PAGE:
Allseas’ Pioneering Spirit taking remaining Tyra jackets to recycling yard - gallery

Allseas’ Pioneering Spirit taking remaining Tyra jackets to recycling yard – gallery

Offshore contractor Allseas is in the process of completing its scope of work in the Tyra redevelopment project by delivering the final load of decommissioned offshore facilities to a recycling yard, using its heavy lift vessel Pioneering Spirit.

Removal of Tyra jackets; Source: Allseas

Allseas informed on Monday that Pioneering Spirit was on its way to Frederikshavn, Denmark to deliver two more jackets for recycling. Back in August 2020, this vessel removed the West Alpha and East Alpha structures from the Tyra field for TotalEnergies EP Danmark and its Danish Underground Consortium (DUC) partners, Noreco and Nordsøfonden.

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According to Allseas, “the safe and swift removal” of the jackets concludes its involvement in the Tyra redevelopment project. The offshore contractor’s role in this project covered engineering, preparation, removal and transport to specialist dismantling yards of the complete East Alpha and West Alpha platforms, flare jackets, IPF and monopile.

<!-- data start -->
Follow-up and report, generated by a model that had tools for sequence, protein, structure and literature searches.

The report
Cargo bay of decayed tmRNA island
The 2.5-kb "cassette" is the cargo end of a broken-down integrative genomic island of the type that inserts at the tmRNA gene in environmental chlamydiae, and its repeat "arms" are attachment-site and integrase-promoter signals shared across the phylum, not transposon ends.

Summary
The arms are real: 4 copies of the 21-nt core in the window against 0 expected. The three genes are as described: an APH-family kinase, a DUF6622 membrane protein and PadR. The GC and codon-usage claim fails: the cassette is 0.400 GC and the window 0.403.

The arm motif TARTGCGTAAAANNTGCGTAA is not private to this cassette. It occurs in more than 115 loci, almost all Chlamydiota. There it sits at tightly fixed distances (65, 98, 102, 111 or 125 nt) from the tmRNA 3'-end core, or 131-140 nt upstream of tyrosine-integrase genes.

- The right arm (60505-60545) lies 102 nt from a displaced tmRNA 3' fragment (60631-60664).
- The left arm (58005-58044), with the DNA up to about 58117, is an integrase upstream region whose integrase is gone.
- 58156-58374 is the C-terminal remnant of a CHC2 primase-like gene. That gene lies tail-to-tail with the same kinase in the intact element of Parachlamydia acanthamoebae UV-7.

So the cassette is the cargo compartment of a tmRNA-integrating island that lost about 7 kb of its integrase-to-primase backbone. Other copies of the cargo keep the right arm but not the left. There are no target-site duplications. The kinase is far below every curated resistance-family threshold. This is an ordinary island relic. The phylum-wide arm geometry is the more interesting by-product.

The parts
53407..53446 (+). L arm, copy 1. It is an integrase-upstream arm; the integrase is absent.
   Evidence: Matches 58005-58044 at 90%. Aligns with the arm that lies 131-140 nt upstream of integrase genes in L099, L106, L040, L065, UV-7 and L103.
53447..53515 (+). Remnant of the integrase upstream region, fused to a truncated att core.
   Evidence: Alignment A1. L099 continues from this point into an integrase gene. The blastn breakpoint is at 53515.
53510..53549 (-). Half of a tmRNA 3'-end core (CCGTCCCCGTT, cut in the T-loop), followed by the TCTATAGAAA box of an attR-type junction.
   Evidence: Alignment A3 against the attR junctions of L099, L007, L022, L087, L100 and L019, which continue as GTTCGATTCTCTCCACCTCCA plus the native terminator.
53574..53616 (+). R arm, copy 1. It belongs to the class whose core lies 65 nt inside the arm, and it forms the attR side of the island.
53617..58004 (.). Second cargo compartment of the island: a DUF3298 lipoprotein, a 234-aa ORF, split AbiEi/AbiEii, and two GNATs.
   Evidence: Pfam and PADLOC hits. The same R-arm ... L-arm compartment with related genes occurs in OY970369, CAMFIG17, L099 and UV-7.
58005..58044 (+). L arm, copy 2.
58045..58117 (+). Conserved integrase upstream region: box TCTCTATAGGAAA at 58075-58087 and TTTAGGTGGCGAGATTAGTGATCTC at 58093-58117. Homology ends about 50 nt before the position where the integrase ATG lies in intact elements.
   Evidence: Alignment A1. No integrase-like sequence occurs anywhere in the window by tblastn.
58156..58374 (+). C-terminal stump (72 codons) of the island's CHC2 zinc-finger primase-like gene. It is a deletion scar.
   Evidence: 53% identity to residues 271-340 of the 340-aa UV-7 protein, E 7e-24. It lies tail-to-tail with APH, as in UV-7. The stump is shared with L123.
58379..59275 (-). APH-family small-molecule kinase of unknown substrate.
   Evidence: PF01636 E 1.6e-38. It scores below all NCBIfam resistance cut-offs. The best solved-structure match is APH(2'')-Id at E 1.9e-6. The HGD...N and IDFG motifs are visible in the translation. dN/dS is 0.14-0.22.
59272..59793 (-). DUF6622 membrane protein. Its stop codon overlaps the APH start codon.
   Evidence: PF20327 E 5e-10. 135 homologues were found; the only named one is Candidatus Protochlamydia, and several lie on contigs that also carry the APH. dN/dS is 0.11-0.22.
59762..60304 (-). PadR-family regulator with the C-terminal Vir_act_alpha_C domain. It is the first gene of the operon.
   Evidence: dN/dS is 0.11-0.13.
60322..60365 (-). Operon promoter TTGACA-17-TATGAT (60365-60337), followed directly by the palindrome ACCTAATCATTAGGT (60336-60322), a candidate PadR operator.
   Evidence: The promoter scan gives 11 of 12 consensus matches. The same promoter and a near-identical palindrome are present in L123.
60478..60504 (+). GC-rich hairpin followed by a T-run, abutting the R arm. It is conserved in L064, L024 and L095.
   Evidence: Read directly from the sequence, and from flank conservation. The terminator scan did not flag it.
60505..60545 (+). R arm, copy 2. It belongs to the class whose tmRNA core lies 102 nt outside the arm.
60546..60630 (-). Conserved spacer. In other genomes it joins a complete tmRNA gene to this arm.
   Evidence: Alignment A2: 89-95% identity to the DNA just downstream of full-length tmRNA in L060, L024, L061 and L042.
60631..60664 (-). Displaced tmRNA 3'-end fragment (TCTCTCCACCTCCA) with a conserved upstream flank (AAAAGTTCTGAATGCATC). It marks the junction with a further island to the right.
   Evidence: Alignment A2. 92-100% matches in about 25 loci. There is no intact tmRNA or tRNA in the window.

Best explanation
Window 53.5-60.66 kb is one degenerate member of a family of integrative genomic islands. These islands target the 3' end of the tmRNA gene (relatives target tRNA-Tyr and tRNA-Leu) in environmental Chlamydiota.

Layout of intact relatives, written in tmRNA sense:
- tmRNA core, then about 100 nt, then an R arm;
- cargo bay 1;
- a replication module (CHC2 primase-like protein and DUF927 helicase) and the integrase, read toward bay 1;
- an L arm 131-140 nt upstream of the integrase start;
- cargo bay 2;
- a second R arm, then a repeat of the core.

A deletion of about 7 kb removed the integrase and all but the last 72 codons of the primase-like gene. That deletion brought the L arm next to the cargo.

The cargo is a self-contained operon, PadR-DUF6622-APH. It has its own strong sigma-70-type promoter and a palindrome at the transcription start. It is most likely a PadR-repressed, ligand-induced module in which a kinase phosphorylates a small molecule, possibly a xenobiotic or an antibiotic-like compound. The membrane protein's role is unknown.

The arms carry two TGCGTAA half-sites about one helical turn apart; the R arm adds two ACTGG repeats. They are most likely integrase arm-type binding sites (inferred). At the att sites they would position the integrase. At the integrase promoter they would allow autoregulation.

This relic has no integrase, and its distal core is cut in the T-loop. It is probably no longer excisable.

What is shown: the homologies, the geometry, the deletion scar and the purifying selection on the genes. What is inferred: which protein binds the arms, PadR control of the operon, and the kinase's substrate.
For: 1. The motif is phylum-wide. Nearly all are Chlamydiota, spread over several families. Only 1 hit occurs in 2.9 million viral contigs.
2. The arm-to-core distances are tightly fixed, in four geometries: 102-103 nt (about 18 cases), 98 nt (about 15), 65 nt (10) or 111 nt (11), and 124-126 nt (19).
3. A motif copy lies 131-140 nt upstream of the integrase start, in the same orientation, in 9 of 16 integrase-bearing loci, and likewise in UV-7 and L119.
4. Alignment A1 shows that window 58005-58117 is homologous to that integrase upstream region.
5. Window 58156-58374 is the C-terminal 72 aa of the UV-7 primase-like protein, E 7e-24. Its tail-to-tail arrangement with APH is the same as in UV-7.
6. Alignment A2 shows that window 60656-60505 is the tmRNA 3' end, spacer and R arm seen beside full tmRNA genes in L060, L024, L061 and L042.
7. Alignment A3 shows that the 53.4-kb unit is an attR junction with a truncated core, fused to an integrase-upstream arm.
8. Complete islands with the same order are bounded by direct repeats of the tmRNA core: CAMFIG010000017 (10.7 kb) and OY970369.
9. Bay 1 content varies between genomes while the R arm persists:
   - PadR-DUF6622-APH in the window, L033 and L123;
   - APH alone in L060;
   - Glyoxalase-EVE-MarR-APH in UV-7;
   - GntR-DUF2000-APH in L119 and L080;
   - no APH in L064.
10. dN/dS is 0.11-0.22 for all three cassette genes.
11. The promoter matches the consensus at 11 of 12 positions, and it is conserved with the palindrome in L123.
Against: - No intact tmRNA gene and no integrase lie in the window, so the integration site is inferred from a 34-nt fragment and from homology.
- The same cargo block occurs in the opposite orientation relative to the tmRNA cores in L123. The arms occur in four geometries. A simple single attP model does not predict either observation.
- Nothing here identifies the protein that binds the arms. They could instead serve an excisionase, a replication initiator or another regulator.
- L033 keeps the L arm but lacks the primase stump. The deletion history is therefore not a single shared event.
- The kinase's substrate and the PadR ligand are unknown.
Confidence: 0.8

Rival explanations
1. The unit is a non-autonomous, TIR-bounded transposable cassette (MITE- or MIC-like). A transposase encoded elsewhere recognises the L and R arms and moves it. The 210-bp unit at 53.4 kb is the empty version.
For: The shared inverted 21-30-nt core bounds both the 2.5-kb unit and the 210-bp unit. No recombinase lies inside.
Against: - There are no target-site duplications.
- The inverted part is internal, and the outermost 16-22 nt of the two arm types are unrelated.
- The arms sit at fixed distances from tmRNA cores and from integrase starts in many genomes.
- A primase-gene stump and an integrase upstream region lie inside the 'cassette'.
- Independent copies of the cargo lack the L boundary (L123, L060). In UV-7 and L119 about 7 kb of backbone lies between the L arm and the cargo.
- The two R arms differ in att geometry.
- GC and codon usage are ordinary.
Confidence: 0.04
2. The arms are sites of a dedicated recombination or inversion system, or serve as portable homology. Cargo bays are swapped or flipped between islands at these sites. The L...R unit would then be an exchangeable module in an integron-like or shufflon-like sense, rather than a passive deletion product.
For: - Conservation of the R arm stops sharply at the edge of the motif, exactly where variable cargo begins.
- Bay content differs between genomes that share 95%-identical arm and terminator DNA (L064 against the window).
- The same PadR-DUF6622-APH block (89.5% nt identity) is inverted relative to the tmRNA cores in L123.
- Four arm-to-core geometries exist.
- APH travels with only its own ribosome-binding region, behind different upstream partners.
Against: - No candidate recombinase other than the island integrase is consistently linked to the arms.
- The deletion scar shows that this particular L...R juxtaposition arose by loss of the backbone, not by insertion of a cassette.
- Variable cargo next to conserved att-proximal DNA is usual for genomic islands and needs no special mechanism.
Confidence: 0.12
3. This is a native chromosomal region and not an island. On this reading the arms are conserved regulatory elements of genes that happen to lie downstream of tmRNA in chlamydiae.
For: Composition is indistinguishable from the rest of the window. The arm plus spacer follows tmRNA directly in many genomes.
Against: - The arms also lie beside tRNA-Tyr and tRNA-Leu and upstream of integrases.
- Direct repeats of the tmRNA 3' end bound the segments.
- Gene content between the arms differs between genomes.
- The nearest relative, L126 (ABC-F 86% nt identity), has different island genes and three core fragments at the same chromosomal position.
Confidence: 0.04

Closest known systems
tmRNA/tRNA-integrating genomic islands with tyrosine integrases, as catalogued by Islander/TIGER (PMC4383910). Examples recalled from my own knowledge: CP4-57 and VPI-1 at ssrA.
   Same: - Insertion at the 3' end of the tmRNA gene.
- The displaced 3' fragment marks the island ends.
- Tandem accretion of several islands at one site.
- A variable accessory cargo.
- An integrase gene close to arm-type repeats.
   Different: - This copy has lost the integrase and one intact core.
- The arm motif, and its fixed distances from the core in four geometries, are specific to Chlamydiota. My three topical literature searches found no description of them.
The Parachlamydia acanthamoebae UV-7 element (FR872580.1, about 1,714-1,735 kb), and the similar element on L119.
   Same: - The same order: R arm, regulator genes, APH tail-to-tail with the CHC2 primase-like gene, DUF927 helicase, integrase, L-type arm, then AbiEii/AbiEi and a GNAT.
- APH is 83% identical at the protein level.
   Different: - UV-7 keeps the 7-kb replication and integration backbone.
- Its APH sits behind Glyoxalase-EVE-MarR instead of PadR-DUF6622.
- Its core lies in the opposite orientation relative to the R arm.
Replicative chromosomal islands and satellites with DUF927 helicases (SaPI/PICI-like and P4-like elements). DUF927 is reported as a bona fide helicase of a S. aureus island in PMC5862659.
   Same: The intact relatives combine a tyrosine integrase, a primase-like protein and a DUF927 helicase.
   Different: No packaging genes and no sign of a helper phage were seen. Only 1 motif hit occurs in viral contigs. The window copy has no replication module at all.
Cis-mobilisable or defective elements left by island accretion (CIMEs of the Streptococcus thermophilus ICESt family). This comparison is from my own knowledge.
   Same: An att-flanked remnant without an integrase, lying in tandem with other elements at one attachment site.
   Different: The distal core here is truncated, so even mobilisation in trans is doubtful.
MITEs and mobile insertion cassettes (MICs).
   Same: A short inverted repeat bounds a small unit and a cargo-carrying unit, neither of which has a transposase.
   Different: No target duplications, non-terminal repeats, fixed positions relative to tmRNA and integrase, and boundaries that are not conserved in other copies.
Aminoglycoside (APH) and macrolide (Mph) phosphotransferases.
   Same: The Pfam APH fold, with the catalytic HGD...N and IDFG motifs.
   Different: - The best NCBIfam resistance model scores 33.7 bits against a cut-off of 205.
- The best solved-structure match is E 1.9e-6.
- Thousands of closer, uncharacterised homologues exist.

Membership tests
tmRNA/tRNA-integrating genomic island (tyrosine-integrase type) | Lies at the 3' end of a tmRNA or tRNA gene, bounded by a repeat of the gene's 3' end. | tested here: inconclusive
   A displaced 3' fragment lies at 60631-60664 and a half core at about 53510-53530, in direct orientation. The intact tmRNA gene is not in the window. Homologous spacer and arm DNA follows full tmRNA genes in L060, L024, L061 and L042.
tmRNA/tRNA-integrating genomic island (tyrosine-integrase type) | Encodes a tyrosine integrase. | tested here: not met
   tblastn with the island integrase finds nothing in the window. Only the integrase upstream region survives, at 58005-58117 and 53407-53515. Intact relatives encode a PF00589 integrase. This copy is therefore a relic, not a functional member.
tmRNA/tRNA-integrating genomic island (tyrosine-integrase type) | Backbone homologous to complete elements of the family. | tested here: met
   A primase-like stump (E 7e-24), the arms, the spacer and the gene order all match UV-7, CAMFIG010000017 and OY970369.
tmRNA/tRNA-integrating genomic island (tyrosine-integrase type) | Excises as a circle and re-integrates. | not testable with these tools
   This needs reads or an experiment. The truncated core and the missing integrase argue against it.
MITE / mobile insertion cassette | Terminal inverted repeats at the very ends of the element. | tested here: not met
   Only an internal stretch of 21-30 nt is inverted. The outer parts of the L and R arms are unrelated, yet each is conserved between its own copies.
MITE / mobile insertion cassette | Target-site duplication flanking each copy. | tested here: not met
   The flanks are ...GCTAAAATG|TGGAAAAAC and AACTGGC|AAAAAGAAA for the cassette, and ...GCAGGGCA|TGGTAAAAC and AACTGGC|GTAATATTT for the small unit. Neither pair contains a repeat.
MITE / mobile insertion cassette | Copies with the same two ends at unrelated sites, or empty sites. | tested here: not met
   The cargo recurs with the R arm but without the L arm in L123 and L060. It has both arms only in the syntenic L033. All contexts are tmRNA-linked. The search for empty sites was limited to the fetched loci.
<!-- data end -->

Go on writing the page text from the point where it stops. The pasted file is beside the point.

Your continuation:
Following the removal of these jackets, Pioneering Spirit has removed more than 35,000 tonnes of offshore facilities from the Tyra field. Allseas says that 2022 has been a record year for this vessel as it has lifted and transported around 115,000 tonnes of new and decommissioned facilities for the offshore energy industry, deploying both the topsides lift and jacket lift systems.

Regarding the redeveloped Tyra II, Allseas claims that it will secure continued production of natural gas with 30 per cent less CO2 emissions, contributing to the energy security of Denmark and Europe. As seven out of eight modules were already installed offshore this spring, the remaining module – Tyra East G gas processing module – for the Tyra redevelopment project set sail on 1 September from McDermott’s facility in Batam, Indonesia.

Following a voyage of 8,700 miles, which is expected to take approximately one month, the module is expected to arrive at the Tyra field in the Danish North Sea, where it will be lifted and installed by the world’s largest crane vessel, Sleipnir. Once the redeveloped Tyra II is back on stream, it is expected to deliver 2.8 billion cubic meters of gas per year, which amounts to 80 per cent of the forecasted Danish gas production.

When it comes to Allseas’ recent deals, it is worth noting that the firm secured a major decommissioning contract earlier this month with TAGA UK for the removal and disposal of multiple Northern North Sea (NNS) facilities.